ll. 499-507. ‘Sumum menn wile...hi mæg gewyldan’:–See J. E. Cross, ‘The Elephant to Alfred, Ælfric, Aldhelm and Others’, SN 37 (1965), pp. 367–73, for two possible sources for this digression: Isidore’s Etymologiarum (XII, PL 82, cols.11-12, 14-16), and Ambrose (Hexameron VI v, PL 17). The former appears to correspond more directly with the Old English, as Cross suggests.

l. 506. nytena:–In J after ‘nytena’ there is a lengthy erasure, long enough to indicate that the scribe in error copied the word twice.

ll. 508-10. ‘Þa hæðenan ða...is metta leofost’:–Ælfric returns to the Vulgate and picks up this earlier mention of the effect of mulberries on the elephants.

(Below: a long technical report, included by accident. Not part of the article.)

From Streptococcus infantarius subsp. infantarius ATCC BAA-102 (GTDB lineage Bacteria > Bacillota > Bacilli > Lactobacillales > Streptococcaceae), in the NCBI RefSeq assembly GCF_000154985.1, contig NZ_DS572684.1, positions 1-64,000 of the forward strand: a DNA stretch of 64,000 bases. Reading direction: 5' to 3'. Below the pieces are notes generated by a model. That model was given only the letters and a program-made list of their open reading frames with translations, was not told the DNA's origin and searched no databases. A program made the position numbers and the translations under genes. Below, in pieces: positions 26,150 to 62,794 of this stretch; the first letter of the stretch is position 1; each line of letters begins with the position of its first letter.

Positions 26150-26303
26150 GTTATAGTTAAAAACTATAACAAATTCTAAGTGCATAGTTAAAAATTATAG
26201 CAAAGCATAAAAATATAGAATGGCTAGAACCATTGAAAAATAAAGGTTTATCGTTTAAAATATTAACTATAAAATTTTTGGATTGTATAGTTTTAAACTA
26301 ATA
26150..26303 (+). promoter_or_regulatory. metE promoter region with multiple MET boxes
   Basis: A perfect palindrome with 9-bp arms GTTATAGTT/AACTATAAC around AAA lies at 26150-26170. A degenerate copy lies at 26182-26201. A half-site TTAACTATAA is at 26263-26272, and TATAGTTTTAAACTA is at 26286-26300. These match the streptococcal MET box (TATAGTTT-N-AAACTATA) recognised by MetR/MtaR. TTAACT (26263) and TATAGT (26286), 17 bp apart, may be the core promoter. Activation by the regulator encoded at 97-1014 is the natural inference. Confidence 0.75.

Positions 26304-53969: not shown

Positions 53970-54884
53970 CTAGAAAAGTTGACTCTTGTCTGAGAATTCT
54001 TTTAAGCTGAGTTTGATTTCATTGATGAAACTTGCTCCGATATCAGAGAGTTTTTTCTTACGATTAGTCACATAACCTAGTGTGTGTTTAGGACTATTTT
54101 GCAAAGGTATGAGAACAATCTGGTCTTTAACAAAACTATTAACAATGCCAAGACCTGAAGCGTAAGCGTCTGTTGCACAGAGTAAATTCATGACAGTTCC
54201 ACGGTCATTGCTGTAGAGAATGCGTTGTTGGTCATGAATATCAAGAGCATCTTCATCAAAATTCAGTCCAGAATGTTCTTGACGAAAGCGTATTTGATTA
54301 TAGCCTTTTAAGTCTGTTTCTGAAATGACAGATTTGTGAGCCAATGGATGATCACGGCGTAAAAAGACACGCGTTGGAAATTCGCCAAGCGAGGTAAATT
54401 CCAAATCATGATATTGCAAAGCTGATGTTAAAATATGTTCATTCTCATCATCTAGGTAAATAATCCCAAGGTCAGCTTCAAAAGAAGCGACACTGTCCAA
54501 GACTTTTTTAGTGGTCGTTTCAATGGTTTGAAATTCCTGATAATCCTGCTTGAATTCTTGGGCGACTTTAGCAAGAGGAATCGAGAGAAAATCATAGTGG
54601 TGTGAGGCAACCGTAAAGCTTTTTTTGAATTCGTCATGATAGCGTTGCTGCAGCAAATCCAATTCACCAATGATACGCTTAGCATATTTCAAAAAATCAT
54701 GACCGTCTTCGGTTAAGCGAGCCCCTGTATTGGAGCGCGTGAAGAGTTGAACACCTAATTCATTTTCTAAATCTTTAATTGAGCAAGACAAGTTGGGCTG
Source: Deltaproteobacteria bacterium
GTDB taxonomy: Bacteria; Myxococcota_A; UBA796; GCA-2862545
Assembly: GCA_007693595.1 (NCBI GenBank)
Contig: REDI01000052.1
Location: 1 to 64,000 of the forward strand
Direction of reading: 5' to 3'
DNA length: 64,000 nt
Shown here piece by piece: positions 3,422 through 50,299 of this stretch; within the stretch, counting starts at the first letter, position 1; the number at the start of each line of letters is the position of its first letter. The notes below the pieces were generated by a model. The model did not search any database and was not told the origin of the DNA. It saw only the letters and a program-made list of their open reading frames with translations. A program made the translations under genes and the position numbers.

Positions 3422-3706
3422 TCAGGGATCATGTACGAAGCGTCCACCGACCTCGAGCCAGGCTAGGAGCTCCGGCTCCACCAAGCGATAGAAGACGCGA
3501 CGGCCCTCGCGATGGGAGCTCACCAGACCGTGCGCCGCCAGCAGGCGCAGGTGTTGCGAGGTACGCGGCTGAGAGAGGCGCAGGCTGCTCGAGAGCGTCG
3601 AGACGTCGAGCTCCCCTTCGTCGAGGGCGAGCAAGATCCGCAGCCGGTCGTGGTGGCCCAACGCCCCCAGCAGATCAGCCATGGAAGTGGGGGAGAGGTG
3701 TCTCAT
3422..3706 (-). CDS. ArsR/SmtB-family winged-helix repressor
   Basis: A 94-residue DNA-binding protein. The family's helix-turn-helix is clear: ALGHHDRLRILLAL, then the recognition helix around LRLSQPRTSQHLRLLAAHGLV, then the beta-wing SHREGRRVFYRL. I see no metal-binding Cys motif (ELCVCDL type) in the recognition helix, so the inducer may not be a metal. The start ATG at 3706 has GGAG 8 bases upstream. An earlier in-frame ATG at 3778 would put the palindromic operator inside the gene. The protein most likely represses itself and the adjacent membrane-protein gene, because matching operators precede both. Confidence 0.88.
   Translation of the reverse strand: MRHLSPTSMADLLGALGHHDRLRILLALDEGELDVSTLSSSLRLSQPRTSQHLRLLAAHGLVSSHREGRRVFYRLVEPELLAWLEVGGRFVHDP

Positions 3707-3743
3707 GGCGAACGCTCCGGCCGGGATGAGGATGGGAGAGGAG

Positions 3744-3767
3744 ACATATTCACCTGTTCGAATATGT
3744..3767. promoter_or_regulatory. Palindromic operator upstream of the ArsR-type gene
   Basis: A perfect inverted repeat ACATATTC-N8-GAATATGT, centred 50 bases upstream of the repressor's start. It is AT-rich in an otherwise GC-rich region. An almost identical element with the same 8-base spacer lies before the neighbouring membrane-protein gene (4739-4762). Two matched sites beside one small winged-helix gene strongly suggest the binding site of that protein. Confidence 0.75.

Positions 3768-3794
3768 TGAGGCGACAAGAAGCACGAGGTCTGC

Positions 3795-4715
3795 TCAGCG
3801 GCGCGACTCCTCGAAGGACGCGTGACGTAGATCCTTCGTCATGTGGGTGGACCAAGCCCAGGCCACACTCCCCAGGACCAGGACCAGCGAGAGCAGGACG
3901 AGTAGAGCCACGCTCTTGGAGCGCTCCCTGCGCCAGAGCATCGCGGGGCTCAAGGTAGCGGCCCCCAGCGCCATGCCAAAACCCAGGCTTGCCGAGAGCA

ll. 510-19. ‘Þær wæs swyðe...egðer oðres slaga’:–Ælfric follows the Latin closely for the episode of the slaying of the elephant, but he adds the detail that Eleazar struck the creature at the nauelan (l. 518). The implication is that this was its weakest point (see Cross, 1965). This is possibly from Isidore again, where it is stated that a rhino kills the elephant by stabbing upwards into its stomach with its horns (Etymologiarum XII, PL 82, cols. 11-12). Compare, however, Beowulf ll. 2699-70 with Wiglaf’s slaying of the dragon.

l. 513. Eleazarus:–Son of Saura.